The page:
Carrier Stocks Get An Upgrade
CIBC World Markets
service provider analyst Tim Horan upgraded four incumbent long distance carriers today, signaling that at least a few providers have already hit bottom.
The move was just one of several positive factors contributing to a bullish day in the optical networking sector. The technology sector led a powerful rally on Wall Street and the Light Reading Index rose 12.98 (9.62%) to 147.92, yielding one of its best days in a long time.
JDSU executives provided some positive news when they hinted heavily that business was stabilizing (see JDSU Sees Stability). CIBC's Horan, meanwhile, turned suddenly more bullish on the beleagured carrier sector. “We believe we are early on the fundamental call, and this quarter’s results will look fairly miserable. However, we expect this will be the bottom, and return on invested capital (ROIC) and free cash flow will continue to improve sequentially at a steady pace, in our opinion, ” writes Horan in his report.
In the note, AT&T Corp. (NYSE: T) was upgraded to a "Strong Buy" from "Buy" with a $25 price target; Qwest Communications International Corp. (NYSE: Q) was upgraded from a "Hold" to a "Buy" with a $24 price target; Sprint Corp. (NYSE: FON) from a "Buy" to a "Strong Buy" with a $28 price target and WorldCom Inc. (Nasdaq: WCOM) from a "Hold" to a "Strong Buy" with a target of $18.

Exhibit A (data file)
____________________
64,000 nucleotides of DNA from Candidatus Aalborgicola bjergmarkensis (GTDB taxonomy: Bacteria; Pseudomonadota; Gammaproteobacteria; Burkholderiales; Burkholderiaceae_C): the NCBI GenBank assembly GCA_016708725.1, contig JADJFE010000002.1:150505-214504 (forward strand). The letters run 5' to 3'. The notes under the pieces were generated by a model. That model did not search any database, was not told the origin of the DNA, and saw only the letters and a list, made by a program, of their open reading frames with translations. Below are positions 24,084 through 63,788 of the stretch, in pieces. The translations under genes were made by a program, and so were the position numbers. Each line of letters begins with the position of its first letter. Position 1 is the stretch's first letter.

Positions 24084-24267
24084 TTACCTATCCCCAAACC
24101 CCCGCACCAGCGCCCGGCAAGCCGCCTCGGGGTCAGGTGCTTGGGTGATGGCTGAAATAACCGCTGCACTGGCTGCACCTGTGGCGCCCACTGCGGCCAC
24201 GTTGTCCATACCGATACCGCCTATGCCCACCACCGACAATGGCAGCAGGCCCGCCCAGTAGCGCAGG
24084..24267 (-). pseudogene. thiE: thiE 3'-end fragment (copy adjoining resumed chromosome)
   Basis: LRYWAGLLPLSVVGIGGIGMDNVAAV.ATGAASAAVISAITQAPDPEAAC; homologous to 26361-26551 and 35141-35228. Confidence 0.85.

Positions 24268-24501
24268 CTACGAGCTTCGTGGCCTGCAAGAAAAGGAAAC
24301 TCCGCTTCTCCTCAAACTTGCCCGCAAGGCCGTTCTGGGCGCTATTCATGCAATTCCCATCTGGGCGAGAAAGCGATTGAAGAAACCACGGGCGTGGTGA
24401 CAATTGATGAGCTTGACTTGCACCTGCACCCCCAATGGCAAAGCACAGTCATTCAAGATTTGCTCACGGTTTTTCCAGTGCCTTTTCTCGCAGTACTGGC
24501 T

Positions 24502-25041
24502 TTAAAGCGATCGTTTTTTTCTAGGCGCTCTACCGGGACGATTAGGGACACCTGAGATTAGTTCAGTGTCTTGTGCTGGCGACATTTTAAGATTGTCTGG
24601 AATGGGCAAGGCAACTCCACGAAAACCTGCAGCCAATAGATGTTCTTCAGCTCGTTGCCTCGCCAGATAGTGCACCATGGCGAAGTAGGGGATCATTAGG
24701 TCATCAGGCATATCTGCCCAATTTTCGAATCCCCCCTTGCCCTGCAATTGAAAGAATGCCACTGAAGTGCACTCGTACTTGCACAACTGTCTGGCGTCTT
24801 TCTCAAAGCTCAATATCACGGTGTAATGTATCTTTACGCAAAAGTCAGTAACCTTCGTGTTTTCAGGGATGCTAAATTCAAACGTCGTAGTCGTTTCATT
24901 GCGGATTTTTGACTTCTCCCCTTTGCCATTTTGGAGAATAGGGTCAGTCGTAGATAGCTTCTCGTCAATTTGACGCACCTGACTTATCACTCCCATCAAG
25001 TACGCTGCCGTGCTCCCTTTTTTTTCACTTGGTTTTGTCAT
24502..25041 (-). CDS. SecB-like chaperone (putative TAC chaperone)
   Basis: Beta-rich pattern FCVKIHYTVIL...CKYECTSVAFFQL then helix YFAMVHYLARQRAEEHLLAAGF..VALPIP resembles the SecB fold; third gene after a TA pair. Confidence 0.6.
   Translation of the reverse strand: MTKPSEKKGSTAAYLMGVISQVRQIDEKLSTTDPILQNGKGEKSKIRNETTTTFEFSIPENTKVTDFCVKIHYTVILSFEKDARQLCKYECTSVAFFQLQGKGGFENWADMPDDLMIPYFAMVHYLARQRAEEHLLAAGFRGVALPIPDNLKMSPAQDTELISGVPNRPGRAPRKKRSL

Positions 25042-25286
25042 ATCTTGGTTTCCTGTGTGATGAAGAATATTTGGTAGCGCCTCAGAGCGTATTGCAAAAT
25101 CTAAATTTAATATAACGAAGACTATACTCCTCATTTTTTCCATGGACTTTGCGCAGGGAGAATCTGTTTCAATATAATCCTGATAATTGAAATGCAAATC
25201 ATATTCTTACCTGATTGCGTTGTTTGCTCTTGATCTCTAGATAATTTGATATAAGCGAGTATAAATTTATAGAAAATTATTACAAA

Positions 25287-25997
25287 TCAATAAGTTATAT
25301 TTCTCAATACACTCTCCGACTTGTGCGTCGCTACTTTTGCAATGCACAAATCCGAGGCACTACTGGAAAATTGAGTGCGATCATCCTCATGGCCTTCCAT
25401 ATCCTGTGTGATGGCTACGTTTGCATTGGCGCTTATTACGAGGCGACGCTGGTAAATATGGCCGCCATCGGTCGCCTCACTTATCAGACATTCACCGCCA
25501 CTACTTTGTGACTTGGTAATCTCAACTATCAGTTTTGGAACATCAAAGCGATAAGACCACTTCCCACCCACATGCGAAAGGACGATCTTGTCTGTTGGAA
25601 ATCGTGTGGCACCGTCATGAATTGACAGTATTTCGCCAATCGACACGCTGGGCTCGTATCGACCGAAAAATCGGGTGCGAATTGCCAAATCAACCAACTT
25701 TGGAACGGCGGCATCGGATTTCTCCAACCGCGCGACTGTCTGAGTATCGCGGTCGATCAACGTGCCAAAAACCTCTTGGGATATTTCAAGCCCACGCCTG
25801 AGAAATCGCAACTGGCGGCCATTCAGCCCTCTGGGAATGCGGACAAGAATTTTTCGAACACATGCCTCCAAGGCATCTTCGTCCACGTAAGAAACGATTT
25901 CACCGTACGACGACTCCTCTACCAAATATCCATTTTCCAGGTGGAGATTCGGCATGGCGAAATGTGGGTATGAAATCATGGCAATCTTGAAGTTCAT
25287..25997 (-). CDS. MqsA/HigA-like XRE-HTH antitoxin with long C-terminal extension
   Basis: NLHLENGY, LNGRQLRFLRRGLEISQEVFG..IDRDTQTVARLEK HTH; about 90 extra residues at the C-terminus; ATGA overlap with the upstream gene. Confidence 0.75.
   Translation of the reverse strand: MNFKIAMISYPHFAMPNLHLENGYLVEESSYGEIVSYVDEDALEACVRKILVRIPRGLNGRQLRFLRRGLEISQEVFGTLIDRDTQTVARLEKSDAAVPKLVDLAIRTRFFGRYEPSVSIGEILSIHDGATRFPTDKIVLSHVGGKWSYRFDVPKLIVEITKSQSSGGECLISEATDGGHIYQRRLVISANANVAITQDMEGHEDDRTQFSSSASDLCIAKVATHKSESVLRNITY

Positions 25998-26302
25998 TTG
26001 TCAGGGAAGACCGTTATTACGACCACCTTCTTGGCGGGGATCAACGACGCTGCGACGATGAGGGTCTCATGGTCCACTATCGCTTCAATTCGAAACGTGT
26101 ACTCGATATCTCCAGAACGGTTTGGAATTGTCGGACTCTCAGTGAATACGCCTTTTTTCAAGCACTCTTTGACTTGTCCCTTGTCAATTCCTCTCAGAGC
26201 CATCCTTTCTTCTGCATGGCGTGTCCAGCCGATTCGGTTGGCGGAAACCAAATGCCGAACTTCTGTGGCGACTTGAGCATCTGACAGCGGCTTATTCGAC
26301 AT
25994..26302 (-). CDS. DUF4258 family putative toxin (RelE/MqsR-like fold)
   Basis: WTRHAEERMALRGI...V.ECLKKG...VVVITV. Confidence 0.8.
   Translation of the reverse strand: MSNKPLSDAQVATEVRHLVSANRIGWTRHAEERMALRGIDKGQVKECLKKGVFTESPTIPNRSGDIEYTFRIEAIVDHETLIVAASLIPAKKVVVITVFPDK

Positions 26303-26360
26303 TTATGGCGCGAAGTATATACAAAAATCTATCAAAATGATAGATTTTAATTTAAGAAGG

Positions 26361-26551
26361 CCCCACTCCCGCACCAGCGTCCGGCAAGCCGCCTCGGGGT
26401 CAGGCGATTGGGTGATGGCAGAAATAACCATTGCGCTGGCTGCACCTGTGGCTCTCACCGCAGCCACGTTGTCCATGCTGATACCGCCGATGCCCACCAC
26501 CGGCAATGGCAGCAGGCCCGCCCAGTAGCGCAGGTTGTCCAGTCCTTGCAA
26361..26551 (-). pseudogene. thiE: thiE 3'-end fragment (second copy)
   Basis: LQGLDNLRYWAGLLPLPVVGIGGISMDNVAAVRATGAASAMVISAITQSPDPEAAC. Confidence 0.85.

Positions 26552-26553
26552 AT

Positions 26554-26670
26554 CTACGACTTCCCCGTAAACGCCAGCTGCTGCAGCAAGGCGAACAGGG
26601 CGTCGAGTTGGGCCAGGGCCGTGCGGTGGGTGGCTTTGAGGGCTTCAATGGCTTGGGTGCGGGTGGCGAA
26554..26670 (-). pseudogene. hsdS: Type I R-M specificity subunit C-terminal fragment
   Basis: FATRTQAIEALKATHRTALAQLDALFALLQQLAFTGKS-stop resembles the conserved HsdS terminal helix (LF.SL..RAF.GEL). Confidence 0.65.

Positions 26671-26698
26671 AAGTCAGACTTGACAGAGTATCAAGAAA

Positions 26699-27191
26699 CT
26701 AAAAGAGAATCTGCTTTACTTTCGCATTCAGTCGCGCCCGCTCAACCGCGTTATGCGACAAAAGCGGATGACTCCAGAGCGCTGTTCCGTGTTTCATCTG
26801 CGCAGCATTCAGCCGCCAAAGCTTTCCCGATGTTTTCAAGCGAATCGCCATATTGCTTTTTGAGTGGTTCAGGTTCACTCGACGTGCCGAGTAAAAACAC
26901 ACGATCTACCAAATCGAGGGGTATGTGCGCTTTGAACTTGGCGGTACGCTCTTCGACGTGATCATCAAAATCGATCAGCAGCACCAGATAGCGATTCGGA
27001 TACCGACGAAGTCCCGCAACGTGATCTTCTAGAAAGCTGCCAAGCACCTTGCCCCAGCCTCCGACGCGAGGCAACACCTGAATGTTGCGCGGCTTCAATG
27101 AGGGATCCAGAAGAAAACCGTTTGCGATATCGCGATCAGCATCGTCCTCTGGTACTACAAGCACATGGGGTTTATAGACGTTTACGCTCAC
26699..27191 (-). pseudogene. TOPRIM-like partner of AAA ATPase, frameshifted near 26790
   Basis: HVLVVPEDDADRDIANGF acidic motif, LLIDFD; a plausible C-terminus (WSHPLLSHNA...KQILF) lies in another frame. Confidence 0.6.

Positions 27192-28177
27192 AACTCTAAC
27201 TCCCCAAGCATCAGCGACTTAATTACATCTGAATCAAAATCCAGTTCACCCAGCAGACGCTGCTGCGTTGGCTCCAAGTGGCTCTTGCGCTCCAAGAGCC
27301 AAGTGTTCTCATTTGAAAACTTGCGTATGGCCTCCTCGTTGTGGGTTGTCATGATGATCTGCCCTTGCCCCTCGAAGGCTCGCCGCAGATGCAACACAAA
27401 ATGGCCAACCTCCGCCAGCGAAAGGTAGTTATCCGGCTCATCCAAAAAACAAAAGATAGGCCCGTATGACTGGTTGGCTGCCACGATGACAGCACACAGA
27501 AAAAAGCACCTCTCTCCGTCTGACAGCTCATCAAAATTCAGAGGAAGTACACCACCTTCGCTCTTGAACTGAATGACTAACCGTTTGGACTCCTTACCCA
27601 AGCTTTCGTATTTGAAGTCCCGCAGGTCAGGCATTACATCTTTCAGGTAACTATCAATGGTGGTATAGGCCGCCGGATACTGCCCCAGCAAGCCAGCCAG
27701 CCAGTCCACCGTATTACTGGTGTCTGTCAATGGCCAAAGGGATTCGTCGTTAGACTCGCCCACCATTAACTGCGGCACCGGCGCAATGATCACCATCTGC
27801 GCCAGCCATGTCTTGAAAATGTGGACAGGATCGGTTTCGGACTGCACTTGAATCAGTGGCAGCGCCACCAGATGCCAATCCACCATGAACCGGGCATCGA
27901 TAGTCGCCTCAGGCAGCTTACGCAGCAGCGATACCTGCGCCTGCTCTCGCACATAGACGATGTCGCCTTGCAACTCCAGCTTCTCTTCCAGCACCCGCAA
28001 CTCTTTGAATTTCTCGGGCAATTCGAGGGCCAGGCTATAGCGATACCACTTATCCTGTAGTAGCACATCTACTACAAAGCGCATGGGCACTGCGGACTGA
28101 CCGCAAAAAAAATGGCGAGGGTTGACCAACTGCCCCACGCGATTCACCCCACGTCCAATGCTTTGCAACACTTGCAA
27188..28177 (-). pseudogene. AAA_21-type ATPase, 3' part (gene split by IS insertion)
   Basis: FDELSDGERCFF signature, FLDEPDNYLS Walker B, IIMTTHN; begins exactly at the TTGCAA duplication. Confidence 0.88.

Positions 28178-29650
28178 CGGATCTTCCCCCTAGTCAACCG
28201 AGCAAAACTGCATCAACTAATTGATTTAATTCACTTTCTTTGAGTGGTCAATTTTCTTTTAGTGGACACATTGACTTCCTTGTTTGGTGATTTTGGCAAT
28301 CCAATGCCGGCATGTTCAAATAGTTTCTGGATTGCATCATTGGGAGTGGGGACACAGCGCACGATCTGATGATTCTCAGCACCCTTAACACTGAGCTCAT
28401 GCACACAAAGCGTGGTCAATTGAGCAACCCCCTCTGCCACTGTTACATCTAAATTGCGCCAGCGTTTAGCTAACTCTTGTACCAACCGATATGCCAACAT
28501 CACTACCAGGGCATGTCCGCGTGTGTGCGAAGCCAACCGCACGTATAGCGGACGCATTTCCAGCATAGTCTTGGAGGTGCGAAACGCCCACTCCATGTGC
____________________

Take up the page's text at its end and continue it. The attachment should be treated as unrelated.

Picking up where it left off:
The powerful rally in the market helped push these companies closer to their targets today. AT&T finished trading at $17.01 up 0.41 (2.47%); Qwest was trading at $20.03 up 1.03 (5.42%); Sprint was at $21.20, up 0.45 (2.17%), and Worldcom was trading at $13.81, up 1.43 (11.55%).
These upgrades and Horan’s outlook for Bell operating companies like SBC Communications Inc. (NYSE: SBC) and Verizon Communications Inc. (NYSE: VZ) highlight the growing sentiment that incumbent players will emerge as the winners in the service provider shakeout.
What has happened to make this sector and these companies more appealing now? There are a variety of factors at play, but Horan sees consolidation, which will lead to fewer players with better pricing, as the main driver.
The long-distance market is overcrowded with new entrants who have been desperately lowering prices to gain market share and building out networks to extend footprint, says the report. Now that investors’ deep pockets are empty, many providers will either go out of business or will be bought by other providers. Already over 20 companies have declared bankruptcy in the past 12 months, and that trend is expected to continue.
Those that survive will likely combine with other service providers, Horan predicts. RBOCs, now targeting business customers, are likely to be the acquirers. For example, Verizon, which is trying to break into the long distance market in Pennsylvania, could benefit from buying other providers like Worldcom or Sprint.
As a result, he expects pricing in the long distance market to improve. He says that pricing has already started to stabilize in voice, and pricing for data will also stabilize as growth in supply slows and demand ramps up.